The ‘Pressure’ was on for the Touring Consortium Theatre Company as the Cheltenham Everyman filled to the brim with eager audience members. It’s Olivier nomination day and the theatre buzz is strong. It’s also D-Day 1944.
‘Pressure’ is the story of some of the unsung heroes of World War Two, the Meteorologist Unit. We follow David Haig’s character, Group Captain James Stagg, as he battles in the face of adversity, and some intimidating higher powers. His prediction of weather on D-Day suggested the invasion should not go ahead, but it’s not exactly a straightforward mission. It allowed me to think about the Second World War in a deeper way, about the people, decisions and tiny strategic points were involved.
I have always been fascinated by the RAF but the play gave the side of war that wasn’t in the limelight the credit it deserved. I loved getting lost in the thick of the science and statistics behind weather predictions. As reports flooded in for rain as well as for sun, I also managed to learn a thing or two. It didn’t over simplify or complicate the topic, but didn’t spell things out or assume knowledge either, a balancing act not many productions achieve.
The urgency is conveyed from the off, pressure is piled on at work and at home, whilst arguments, debates and chaos keep the audience engaged in the static set interior. Projections of times and dates establish context and give the play some pace. The set was simple and didn’t distract but enhanced the ongoings.
David Haig was fantastic as the stern Captain Stagg who’s frosty exterior soon melts away when we learn more about him and his family. He is fascinating as a protagonist, a deeply complex character that Haig does absolute justice. Stagg’s passion for his work is infectious, a trait that engages the audience no end, leading them through the story. He is a man with a lot on his plate, you cannot help but lean in closer to Stagg as he nearly crumbles under the weight of the world. This was one of Haig’s best moments, sobbing and shaking in his chair.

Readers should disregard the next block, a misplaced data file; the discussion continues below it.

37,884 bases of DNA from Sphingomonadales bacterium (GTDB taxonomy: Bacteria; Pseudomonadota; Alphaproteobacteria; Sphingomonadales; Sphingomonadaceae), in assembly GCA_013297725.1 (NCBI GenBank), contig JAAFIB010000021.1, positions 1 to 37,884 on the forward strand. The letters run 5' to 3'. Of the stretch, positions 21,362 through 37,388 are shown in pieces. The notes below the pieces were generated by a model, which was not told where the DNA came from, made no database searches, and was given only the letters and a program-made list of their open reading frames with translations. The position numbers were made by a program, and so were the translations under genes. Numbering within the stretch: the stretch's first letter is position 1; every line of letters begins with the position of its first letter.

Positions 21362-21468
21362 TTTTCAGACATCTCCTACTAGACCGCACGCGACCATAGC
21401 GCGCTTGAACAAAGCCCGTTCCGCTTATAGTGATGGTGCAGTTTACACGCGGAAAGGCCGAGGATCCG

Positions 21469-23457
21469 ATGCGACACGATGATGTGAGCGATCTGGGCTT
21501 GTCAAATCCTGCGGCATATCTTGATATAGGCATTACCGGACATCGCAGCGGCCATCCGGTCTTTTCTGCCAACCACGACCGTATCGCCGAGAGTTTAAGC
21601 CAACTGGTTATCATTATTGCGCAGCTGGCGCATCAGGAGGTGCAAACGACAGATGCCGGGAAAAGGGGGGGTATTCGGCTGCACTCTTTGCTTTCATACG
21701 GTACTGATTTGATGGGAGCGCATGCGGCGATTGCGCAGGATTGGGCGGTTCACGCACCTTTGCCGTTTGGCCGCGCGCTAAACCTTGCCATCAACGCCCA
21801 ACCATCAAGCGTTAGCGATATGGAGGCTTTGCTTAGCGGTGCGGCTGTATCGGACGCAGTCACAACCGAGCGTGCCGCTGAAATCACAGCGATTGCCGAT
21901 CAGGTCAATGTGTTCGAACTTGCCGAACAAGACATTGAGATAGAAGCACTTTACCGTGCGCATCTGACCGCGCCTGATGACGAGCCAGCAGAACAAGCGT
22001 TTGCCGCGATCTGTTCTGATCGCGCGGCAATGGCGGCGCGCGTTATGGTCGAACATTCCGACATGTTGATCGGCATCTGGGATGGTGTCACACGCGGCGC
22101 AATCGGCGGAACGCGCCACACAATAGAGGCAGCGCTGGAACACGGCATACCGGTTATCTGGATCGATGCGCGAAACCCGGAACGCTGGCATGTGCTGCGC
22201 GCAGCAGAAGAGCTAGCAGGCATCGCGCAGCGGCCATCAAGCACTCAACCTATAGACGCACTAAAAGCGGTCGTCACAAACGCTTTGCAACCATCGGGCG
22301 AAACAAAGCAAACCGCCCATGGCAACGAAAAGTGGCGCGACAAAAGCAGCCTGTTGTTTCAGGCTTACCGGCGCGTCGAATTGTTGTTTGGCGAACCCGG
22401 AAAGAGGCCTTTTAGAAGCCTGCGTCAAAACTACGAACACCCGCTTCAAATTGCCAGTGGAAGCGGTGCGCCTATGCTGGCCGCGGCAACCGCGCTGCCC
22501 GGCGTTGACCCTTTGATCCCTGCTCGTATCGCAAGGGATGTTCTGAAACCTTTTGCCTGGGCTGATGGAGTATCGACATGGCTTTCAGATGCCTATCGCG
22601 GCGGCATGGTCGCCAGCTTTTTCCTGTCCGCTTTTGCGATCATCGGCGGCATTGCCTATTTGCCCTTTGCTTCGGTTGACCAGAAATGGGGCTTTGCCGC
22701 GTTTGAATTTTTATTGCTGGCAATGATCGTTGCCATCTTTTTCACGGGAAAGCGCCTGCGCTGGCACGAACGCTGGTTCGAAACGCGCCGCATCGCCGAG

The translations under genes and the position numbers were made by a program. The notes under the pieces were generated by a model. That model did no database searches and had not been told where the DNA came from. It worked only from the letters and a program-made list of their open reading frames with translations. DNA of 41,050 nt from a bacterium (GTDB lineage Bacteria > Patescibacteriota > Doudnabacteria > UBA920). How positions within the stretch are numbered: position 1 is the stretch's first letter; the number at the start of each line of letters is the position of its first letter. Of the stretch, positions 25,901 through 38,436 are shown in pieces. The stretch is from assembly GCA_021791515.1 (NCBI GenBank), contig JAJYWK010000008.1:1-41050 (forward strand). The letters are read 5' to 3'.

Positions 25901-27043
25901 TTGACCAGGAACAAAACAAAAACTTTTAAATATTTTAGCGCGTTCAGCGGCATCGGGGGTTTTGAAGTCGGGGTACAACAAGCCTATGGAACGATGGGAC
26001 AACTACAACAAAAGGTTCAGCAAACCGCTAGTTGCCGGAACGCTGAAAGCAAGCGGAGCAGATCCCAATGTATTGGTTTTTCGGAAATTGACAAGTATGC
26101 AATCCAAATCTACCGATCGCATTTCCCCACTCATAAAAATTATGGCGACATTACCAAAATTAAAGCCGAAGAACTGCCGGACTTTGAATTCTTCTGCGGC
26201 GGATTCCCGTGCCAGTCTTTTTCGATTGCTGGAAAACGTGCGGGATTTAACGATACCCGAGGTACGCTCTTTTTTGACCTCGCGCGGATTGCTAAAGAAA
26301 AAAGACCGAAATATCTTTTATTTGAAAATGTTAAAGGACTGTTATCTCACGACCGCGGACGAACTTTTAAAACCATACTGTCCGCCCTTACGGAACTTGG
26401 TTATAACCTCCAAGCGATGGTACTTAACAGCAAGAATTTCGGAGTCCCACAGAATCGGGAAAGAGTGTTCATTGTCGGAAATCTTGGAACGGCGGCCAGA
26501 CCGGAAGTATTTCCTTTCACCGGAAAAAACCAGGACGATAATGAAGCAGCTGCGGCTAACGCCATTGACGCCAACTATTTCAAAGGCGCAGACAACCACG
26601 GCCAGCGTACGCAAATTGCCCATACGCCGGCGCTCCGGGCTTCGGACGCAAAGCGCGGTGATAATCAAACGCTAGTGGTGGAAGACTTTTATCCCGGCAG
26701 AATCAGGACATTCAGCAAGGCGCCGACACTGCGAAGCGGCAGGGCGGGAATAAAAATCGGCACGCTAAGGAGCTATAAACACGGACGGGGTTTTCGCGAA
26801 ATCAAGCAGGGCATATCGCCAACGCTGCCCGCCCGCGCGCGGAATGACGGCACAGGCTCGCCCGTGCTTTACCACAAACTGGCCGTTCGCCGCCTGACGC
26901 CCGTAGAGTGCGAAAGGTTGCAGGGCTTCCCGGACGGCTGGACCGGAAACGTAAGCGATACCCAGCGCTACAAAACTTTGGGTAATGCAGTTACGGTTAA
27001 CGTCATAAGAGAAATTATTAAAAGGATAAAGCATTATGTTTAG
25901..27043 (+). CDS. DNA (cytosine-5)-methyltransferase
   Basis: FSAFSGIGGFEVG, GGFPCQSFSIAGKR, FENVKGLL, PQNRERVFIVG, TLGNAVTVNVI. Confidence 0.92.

Kay Summersby is played by Laura Rogers. As the only woman in the play she is strong, valiant and pragmatic. She is the no-nonsense glue that keeps the stressed troops calm, collected and well fuelled. Her role within the story and within the cast is vital and gives balance to a male heavy stage. Rogers is fierce but vulnerable, as women of that time were. Her relationship with Eisenhower is precious and tinged with sorrow, yet remains one of my favourite elements of the production.
For me, General Eisenhower stole the show. All the main characters felt rounded and realistic, but in particular Eisenhower. Malcolm Sinclair gave a stunning performance as the complex American General, teasing us with his intense vulnerability before snapping back into the strict and really rather scary officer he is. His final monologue gave a last-minute glimpse into his soft side that is hinted at throughout via his relationship with Kay.
The last section of the play to me stood out. Stagg, Eisenhower, and Kay sat waiting for reports of the results of their actions, drinking whisky, eating jam doughnuts, whilst finally opening up to each other and, in turn, the audience. You felt as if you were in the room with them and could almost smell the alcohol and jam.
The performance in itself felt fresh and raw. It was witty, tense, and incredibly immersive. I found the tone to be slightly muddled at times and I could feel the audience not know whether to laugh or to keep quiet. I was in awe of the way they kept the audience gripped, especially with little visual aids. This really commends the writing by David Haig, which was clearly deeply researched. The attention to detail in the story and in character development was beautifully crafted. There were so many perfect lines such as, “Nothing is predictable about the British weather, which is why we love to talk about it” and Eisenhower’s quotable catchphrase “Christ on the mountain!”
People may have bought tickets for David Haig, but came away with so much more.
Captivating characters and an untold tale of love, loss and strategy.
Highly, highly recommended.